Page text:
Using the prompts below, choose one and write an essay (approximately 1000 words). Read the grading rubric BEFORE writing so that you are sure to address all four elements of the grading rubric. Your essay MUST be submitted in one of the following formats (.doc, .docx, .rtf, .pdf). Failure to do so will count as a NON-SUBMISSION. This also means that you cannot type the essay directly into ecampus. YOU MUST SAVE YOUR ESSAY IN ONE OF THOSE FORMATS AND ATTACH IT TO THE LINK ABOVE (Where the word “Essay” is underlined above.) If you do not know what this means or how to save your work as one of those files, see me or email me immediately. Not knowing how will not be an excuse to allow late work. The essay will go through software that will test for plagiarism. Be sure that when you write your essay you do not use material from other sources without citing them. Doing so is cheating and grounds for a 0. I will select two topics and you must write a 1000 word essay on one of those two topics.I am providing you with the topics from Module 2 so that you can prepare for the topics as you study each chapter.Your essays will be graded according to the rubric presented in “Writing a Philosophy Paper.”
Write your essay as if you are writing to a friend who missed class on the day this was discussed. There is no bibliography or works cited page required. You may write in first person or even write the essay as if it were a letter to your “friend” from class.
The essay should be double spaced and in a readable font (10pt. and 12pt. are best)
- Are Sartre and Smullyan right that it is impossible for anything that is self-conscious not to have free will? Explain and evaluate your position.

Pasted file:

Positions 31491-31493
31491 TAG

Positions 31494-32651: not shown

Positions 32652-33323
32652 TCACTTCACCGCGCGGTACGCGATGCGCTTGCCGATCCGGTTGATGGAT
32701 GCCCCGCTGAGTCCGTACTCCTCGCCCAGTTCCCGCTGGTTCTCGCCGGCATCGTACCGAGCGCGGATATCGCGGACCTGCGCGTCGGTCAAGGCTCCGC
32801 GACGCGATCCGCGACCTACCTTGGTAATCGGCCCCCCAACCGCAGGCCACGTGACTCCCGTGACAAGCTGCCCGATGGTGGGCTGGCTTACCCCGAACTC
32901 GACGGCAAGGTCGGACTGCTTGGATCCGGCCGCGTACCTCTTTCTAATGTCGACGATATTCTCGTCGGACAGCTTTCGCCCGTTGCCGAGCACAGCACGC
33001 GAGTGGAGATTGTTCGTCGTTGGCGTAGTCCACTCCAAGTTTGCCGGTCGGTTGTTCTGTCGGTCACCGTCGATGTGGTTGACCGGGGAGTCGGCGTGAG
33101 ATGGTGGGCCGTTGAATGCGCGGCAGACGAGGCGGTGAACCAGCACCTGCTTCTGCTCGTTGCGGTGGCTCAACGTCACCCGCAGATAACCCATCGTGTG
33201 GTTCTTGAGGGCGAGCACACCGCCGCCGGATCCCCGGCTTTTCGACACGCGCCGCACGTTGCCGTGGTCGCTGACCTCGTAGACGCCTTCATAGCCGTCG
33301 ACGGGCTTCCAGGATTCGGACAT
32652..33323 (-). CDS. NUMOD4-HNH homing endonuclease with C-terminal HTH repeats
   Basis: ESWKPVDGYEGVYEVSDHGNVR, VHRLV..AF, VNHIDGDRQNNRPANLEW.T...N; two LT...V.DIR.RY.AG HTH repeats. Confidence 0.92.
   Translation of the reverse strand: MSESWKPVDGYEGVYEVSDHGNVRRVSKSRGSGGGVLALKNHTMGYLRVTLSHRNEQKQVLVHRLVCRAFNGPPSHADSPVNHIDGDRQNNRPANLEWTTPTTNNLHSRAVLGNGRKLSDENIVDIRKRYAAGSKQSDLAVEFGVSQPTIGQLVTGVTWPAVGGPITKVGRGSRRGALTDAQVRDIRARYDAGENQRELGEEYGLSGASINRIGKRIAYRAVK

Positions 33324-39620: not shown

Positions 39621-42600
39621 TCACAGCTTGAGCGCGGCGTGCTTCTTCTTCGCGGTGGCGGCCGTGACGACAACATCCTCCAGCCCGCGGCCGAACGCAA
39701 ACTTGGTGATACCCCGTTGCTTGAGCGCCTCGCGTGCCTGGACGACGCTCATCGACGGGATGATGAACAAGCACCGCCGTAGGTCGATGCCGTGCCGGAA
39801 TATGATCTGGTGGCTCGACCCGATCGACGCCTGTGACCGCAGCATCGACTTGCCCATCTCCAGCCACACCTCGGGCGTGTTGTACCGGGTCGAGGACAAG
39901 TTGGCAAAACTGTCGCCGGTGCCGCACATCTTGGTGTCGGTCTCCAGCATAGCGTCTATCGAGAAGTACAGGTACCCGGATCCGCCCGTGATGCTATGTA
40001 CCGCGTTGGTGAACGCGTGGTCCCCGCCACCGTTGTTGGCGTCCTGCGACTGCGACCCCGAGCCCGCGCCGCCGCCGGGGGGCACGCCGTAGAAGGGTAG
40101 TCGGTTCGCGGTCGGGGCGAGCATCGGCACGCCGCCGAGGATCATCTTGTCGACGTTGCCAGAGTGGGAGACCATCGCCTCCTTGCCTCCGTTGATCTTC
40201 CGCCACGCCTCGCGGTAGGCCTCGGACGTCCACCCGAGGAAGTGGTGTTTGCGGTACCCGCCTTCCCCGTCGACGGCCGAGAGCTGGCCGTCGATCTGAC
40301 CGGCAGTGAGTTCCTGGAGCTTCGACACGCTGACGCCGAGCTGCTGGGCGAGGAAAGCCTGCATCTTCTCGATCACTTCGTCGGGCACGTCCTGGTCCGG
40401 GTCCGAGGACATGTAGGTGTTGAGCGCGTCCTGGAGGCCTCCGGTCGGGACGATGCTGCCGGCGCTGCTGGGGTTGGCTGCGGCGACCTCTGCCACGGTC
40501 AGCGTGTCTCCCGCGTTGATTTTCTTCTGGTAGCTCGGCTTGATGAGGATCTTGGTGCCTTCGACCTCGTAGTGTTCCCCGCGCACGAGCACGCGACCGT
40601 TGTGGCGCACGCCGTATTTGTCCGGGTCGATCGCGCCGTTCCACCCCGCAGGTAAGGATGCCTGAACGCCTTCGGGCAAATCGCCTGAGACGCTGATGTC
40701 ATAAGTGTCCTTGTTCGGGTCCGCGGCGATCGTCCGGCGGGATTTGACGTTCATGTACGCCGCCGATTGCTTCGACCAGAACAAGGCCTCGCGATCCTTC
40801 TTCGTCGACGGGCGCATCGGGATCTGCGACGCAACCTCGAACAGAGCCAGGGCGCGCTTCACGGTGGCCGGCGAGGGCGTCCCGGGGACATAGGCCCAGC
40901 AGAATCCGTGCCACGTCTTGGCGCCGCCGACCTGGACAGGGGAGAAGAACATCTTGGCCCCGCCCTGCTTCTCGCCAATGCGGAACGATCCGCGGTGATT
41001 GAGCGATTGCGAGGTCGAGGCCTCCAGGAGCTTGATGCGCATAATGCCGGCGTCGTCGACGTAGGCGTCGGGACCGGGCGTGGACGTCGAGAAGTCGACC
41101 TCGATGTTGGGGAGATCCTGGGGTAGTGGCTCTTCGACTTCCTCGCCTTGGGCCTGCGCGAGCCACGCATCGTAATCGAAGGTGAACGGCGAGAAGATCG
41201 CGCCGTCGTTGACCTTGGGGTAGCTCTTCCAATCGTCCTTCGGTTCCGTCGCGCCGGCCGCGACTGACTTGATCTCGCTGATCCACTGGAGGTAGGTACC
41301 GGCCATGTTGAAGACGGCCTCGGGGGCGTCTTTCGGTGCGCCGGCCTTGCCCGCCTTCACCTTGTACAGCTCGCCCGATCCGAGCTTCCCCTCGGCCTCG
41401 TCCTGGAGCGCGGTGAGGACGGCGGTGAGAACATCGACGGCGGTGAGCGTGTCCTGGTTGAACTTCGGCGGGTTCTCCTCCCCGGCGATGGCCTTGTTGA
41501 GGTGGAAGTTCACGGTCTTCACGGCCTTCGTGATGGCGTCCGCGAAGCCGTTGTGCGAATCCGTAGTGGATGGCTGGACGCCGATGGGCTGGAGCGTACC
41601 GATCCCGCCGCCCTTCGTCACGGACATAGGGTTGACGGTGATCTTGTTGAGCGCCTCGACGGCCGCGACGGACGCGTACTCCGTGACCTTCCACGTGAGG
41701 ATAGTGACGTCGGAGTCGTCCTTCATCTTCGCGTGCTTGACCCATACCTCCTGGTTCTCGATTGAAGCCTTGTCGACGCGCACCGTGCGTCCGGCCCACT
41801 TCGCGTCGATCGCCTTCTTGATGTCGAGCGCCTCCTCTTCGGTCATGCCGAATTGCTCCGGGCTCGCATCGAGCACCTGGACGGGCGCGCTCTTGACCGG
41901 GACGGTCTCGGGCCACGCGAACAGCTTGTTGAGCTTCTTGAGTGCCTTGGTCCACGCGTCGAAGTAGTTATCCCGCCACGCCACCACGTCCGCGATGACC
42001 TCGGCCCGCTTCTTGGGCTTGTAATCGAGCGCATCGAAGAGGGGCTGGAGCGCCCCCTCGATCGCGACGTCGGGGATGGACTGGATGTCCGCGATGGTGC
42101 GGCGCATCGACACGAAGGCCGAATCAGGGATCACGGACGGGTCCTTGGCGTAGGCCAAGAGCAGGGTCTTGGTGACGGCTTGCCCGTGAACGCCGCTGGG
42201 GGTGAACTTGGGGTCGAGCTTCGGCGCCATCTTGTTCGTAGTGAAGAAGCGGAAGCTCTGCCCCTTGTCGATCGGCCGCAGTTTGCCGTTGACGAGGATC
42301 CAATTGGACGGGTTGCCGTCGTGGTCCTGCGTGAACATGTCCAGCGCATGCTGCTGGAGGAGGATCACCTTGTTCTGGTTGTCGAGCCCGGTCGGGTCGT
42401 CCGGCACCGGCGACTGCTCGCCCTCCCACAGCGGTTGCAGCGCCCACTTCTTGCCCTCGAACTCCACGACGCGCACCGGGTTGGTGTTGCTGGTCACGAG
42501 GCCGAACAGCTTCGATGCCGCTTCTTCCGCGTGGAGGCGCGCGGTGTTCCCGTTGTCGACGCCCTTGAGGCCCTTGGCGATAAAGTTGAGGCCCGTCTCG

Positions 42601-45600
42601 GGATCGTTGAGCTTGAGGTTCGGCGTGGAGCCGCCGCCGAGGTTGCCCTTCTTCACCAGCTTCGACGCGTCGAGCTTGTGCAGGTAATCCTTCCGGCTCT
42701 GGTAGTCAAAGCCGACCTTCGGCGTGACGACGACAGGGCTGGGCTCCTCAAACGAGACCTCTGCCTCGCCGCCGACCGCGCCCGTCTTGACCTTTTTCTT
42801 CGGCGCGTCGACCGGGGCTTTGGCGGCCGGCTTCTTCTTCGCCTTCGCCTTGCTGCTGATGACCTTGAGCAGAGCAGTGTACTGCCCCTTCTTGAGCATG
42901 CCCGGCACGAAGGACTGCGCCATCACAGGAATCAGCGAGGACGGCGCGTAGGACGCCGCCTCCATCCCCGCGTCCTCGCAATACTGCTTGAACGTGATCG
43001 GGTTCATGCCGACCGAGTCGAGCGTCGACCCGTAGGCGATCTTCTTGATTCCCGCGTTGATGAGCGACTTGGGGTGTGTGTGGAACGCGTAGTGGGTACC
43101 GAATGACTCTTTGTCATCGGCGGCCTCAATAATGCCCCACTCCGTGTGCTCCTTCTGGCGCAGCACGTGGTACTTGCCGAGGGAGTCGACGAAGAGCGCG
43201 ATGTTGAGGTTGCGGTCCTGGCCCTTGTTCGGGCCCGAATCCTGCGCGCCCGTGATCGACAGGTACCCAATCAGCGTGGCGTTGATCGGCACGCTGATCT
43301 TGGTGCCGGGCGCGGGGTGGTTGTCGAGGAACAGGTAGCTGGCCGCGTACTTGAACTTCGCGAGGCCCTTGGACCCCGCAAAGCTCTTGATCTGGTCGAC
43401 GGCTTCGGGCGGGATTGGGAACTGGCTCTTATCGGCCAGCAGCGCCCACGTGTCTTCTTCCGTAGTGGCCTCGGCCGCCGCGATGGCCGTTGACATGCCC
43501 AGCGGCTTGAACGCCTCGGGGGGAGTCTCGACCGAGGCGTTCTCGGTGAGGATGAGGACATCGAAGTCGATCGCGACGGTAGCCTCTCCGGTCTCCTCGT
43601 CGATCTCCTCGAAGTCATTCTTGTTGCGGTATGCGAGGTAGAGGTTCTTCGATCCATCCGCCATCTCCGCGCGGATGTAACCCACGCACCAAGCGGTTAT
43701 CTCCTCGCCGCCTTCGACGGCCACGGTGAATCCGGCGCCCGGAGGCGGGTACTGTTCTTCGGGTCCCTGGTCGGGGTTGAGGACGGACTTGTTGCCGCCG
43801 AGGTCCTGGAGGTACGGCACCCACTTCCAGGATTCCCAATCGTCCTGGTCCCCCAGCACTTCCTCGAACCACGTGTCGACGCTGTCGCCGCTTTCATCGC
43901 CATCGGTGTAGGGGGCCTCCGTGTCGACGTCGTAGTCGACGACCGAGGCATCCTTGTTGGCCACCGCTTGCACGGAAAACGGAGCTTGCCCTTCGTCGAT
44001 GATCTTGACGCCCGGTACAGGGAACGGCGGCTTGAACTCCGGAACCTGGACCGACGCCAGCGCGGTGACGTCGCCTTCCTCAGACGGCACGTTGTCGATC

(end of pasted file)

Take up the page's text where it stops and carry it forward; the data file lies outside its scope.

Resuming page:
- Is it reasonable to believe something when you do not have sufficient evidence? Explain and evaluate your position.
Essay: At the end of the semester, I will give you a choice of two topics on which you must write a brief essay (approximately 1000 words). The point of this paper will be to focus on one particular argument or theory. The goal is not to do research (looking up stuff in the library) but to focus your thoughts on one argument or one position and dig deep. Your grade on this paper will be primarily based on the clarity of your writing, the command of the material and the “depth” of your explanations. (Which side of the issue you are on is completely irrelevant). In fact, I will give you the grading rubric I will use to assess your essays. You should use this rubric as a guide to develop your outline. The topics will come from the list of possible essay topics found in each module. I will choose the topics that you will write on, but you should study these possible topics throughout the semester so you will be prepared to write your essay when the assignment is given.